The Nine Edges: always cold, frequently snowing and

we can't see a thing beyond our headtorch beams. But fun!

Altogether there were 16 runners and 6 cyclists at the start, with arrangements made for friends to meet us along the way for a shorter challenge. Although the start and end points were the same, the planned routes were slightly different due to rules about bikes on footpaths and bridleways, plus the bike team rode from Hathersage to the start add to their mileage (all along the flat though!).

At 6pm we set off in the dark, heading up to the first of the edges, Derwent Edge.  The weather was cold, snowy and windy, but the sky did start to clear as the evening went on and thanks to the large moon reflecting off the snow it was fairly bright.  As we dropped down toward Moscar we could see the lights of the bike team approaching the ford at Cutthroat bridge, and we shouted encouragement (or was it abuse?!) Sadly, it was wasted as they couldn’t hear us! 

At the first checkpoint we met up with our trusty support man David Wing (a.k.a. Wingy) who greeted us with snacks and water.  After some banter we were back on our way up the muddy path along to Stanage.  We rock hopped our way along the snowy edge and eventually reached Burbage North. From there we blasted down the green drive to Burbage South which is just over half way.  Wingy popped up again here for a second re-supply, and a couple of the team peeled off for an early night.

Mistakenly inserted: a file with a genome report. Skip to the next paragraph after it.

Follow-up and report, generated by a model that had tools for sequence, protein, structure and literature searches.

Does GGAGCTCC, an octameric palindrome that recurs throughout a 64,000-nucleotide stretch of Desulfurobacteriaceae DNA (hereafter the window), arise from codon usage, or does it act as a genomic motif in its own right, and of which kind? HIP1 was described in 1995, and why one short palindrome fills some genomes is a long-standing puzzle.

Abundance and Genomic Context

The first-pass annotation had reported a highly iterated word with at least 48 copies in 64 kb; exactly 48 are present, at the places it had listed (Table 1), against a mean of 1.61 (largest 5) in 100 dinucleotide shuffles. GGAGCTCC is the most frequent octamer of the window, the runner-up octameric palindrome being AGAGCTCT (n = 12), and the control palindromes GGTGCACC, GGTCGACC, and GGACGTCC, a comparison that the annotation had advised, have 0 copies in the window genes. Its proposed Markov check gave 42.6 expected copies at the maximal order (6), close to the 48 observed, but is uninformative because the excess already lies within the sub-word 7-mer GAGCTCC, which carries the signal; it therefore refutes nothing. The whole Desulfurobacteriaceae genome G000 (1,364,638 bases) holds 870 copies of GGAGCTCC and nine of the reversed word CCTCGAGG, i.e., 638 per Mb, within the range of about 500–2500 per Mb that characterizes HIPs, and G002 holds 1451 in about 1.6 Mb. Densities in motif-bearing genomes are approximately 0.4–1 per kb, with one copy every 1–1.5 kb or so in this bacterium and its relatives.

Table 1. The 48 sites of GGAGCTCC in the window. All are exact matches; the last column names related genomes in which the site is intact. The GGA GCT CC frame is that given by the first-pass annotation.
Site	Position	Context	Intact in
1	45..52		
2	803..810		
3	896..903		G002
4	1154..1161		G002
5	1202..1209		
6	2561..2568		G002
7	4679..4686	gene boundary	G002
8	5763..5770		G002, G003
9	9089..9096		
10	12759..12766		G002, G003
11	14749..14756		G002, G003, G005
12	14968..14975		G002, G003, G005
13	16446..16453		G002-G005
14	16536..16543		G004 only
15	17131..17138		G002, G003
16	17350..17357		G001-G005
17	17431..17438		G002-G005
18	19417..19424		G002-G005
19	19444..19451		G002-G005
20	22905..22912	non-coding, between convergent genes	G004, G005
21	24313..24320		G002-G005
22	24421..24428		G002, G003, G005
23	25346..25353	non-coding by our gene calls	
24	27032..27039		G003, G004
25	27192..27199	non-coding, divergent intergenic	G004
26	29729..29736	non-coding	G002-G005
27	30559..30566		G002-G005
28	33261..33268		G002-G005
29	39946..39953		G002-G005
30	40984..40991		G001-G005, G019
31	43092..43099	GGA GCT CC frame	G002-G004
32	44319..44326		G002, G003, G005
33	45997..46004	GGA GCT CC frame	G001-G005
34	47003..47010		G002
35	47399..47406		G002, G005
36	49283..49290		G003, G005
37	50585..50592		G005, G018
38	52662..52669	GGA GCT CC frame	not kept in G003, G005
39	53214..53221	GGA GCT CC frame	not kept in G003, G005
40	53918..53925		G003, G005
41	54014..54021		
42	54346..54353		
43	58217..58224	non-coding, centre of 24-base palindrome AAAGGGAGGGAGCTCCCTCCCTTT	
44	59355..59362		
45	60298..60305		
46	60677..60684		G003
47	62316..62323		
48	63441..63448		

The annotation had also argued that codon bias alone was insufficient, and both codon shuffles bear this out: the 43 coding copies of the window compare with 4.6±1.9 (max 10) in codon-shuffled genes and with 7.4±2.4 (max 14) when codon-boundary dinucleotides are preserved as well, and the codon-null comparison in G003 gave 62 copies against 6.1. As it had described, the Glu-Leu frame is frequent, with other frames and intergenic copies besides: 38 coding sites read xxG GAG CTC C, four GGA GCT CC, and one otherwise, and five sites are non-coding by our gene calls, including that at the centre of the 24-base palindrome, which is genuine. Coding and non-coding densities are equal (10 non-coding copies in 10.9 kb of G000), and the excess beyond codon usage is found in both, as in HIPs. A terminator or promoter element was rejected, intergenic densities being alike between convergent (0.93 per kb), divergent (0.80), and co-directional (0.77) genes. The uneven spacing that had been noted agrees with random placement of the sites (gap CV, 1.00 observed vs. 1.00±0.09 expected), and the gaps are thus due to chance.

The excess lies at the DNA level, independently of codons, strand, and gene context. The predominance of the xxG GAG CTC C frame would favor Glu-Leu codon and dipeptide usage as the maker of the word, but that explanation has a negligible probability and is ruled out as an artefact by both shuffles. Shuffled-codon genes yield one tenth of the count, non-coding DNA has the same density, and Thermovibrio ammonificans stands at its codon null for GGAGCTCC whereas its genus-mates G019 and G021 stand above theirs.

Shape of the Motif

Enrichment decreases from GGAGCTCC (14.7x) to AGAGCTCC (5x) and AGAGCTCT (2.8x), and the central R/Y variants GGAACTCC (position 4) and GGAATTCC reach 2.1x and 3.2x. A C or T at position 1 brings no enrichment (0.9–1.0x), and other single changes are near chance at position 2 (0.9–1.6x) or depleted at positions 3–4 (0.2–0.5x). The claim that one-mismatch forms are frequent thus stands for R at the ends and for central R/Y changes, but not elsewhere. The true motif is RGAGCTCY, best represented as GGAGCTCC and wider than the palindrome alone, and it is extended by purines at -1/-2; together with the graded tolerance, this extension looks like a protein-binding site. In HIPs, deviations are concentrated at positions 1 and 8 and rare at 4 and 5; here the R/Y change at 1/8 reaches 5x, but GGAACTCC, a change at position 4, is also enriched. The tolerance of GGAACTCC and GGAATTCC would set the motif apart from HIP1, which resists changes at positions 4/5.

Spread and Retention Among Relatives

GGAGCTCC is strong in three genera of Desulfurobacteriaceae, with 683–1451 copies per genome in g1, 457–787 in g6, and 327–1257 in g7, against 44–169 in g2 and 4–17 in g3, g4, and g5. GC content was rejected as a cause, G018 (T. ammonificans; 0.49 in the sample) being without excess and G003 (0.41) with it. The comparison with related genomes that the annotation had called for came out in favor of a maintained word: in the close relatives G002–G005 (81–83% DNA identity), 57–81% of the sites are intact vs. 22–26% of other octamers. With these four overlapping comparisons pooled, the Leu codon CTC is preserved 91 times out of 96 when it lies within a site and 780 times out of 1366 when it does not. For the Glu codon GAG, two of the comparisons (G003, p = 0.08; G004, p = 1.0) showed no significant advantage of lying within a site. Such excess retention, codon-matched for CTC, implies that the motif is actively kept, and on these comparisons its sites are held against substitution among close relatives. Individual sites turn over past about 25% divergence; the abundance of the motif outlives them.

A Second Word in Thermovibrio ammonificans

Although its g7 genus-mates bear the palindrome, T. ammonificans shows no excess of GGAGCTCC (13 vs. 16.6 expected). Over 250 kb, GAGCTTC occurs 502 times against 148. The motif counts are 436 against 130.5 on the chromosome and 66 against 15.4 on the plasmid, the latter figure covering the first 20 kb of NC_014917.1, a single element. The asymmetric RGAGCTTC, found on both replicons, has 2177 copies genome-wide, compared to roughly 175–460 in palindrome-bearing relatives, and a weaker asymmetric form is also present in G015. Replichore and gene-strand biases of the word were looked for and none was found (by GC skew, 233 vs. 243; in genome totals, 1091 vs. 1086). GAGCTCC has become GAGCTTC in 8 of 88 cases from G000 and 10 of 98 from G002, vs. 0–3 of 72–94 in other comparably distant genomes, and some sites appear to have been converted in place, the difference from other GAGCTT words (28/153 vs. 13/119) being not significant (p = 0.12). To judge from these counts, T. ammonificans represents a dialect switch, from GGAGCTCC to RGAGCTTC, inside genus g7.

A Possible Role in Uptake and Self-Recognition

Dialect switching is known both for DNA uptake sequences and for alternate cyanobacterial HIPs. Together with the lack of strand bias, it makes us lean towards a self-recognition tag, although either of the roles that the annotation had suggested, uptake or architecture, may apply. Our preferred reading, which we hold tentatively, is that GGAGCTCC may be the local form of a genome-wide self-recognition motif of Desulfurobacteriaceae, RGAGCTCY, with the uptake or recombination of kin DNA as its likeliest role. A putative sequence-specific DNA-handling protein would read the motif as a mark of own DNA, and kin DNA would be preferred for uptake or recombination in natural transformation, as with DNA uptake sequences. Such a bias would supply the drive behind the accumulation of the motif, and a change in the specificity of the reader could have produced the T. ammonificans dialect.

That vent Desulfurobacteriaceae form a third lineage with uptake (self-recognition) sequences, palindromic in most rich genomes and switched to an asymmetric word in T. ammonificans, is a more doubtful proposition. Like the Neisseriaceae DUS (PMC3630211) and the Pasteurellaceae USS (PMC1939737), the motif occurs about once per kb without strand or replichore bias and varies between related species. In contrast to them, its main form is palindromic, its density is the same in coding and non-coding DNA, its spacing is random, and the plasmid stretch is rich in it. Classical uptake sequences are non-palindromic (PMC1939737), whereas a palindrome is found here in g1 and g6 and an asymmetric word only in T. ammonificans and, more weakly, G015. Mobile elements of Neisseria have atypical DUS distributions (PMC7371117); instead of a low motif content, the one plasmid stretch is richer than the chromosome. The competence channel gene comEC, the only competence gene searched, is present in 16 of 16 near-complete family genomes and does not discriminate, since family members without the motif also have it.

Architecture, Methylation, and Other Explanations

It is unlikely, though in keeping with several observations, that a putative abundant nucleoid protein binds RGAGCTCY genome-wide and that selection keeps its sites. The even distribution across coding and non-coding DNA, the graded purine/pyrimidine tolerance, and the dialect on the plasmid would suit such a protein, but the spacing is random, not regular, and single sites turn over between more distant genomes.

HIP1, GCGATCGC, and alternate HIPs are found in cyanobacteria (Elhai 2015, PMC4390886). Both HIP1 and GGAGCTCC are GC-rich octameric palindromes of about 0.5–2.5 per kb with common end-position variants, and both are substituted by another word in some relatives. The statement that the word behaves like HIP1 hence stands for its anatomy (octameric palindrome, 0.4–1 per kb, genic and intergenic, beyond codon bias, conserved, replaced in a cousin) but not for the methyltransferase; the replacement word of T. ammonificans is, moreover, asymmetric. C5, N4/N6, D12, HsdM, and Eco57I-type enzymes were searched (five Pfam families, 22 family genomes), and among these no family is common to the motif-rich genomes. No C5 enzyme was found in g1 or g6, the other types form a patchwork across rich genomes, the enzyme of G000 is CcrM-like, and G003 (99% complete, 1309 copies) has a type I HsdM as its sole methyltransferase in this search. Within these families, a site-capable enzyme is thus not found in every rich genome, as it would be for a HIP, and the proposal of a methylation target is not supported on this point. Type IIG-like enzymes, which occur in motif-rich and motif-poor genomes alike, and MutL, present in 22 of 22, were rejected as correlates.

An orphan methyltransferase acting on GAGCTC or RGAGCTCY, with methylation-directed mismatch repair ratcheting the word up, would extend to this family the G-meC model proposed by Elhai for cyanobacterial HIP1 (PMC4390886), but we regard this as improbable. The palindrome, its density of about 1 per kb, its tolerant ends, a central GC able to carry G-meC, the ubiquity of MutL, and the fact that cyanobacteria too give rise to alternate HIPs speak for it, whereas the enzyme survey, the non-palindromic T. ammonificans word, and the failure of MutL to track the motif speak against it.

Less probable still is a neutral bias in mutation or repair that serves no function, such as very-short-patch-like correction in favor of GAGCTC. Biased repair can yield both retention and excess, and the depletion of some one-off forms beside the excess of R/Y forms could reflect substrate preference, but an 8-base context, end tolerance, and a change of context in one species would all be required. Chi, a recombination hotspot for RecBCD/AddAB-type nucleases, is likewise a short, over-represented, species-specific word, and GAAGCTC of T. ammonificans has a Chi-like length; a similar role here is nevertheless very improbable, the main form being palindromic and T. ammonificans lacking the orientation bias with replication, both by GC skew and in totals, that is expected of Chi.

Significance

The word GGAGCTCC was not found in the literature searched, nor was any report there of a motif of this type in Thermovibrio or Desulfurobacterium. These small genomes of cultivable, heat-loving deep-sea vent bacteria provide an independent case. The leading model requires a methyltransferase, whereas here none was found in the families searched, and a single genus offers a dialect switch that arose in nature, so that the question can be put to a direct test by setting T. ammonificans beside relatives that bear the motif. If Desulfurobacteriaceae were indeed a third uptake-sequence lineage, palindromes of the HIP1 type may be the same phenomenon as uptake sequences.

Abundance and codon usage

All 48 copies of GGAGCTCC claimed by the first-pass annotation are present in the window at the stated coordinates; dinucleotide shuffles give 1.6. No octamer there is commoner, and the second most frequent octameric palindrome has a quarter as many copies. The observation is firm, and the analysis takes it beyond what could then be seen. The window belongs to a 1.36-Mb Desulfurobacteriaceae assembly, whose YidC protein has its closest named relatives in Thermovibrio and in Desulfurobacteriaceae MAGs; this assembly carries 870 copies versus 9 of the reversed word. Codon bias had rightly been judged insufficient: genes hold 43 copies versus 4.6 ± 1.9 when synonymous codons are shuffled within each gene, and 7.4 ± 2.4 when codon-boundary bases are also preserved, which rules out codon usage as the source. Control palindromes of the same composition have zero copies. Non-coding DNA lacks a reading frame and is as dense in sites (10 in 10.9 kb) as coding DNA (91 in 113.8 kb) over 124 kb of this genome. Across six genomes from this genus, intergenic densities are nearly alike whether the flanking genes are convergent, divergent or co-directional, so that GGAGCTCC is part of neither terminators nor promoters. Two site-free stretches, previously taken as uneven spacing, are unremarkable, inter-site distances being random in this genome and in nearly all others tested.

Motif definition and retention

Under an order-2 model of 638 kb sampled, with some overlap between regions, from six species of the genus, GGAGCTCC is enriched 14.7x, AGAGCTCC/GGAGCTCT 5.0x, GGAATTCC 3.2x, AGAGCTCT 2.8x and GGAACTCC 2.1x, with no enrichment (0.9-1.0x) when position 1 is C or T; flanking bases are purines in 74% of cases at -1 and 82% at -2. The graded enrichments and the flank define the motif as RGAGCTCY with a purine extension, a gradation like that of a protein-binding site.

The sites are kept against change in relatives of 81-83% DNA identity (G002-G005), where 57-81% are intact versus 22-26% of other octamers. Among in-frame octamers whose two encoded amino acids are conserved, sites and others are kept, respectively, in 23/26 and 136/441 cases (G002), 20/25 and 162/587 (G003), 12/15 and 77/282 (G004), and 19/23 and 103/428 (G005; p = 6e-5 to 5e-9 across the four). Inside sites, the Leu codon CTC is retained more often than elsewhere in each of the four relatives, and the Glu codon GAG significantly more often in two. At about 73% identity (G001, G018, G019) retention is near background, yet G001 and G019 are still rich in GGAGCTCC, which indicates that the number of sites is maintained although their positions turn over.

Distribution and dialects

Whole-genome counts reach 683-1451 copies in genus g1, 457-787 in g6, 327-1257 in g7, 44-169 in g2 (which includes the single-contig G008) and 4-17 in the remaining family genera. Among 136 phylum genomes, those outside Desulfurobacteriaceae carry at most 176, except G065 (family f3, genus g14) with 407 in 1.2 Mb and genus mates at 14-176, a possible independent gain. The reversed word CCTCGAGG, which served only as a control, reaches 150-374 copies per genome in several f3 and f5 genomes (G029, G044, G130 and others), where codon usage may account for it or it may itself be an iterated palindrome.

Bit fuzzy at the edges by now

The rest of us now tackled the next section through Longshaw to the Grouse Pub and on towards Froggatt Edge.  We met up with our friend Paul at the Grouse who was joining us for the last 5 miles, and we followed the bike tracks in the snow along Froggatt Edge (now a concessionary bridleway). 

There is always a bit more uphill than I remember on the Froggatt section and my pace certainly started to slow down. After a final meet up with Wingy at Curbar Gap we went on to Baslow Edge. For me this is the crux, as by now you are very close to the finish line but it seems to go on forever! 

The bike team sped along Baslow Edge and down to the crossroads which ended their off-road section, and were now blasting along the back roads that eventually took them to the finish at the Robin Hood pub.  Once we had run down past Willington’s monument we fought through one last uphill boggy section which took us past Gardoms and Birchen Edge and then down to the very welcome finish, where the bike team was waiting for us. 

The pub was closed even though it wasn't yet 10.30, but as always, our Wingman had come prepared and we pulled a celebratory beer out of his boot.  We didn’t stay for long though as we all chilled very quickly in the sub-zero temperatures.

As always, it is great to have such a good turn out and committed support.  Big thanks to John and Jon from Lyon/Petzl, Lee from Ultimate Direction, Gus from Silva and Simon from Leki for running with us and providing test gear and to our buddies up the road from Alpkit who didn’t hesitate to get stuck in. And a special thanks to our support man Wingy, for his continued enthusiasm for our silly challenge.



MONDAY, MARCH 19, 2018
By Rob Turnbull
Managing Director

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Rob Turnbull